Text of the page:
With summer approaching fast, it’s crunch-time to get your bod back in shape before hitting the lake. But while counting calories may help you lose a little off your middle, it may be doing more than that: hair loss, while usually genetic, can also be caused by poor diet. If your body isn’t getting the nutrients it needs, it will begin to weaken—and that includes your hair.
What Weak Hair Does
While the Barnum & Baileys and Ringling Bros. stunt didn’t fail due to weak hair, it does demonstrate how important strong locks are. Weak hair can be evident through split ends, frequent hair loss, and hair that breaks easily through brushing or styling. While certain regimens—like towel-drying and heat-styling—are damaging, what you’re eating may have an even bigger impact.
Diets that are low in protein or iron may negatively impact your hair’s strength and growth. Low-protein diets, loss of blood or problems with nutrient absorption can point to a larger problem that you’ll want to discuss with your doctor; if a strict weight-loss diet is the culprit, however, it can be easily fixed. Your diet may take 2 to 3 months to fully impact your hair, so if you aren’t sure about your current dieting regimen, you may talk with your doctor to ensure your body—and hair—is getting what it needs.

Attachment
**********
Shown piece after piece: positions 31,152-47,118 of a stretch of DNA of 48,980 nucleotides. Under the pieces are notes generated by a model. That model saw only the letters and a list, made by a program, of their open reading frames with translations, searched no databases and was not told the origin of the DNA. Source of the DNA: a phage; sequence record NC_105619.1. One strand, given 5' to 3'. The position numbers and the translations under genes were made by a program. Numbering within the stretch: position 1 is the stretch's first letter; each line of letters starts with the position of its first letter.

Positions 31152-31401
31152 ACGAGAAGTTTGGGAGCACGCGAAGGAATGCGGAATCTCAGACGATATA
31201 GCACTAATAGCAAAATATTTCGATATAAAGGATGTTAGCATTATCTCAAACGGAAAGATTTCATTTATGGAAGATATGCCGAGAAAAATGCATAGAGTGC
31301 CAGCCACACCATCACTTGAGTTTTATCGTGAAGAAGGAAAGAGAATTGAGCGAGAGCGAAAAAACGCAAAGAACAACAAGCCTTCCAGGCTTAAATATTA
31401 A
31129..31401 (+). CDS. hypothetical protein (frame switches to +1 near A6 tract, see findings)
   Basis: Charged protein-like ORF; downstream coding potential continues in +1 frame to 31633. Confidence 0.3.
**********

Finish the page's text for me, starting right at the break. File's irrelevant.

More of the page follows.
If your diet isn’t the culprit behind your weak and damaged hair, you may want to chat with your doctor about other potential causes: stress, medications, and surgeries are all possibilities. Once you get your locks in order, you’ll want to treat them with care. Here’s a basic list of hair do’s and don’ts:
While you can’t always prevent your hair from becoming weak and falling out, you can start off with a strong foundation. Even after you’ve gone through hair transplantation, you’ll want to keep your locks strong and beautiful—and these tips can help. For more information, feel free to contact us! We’d love to hear from you!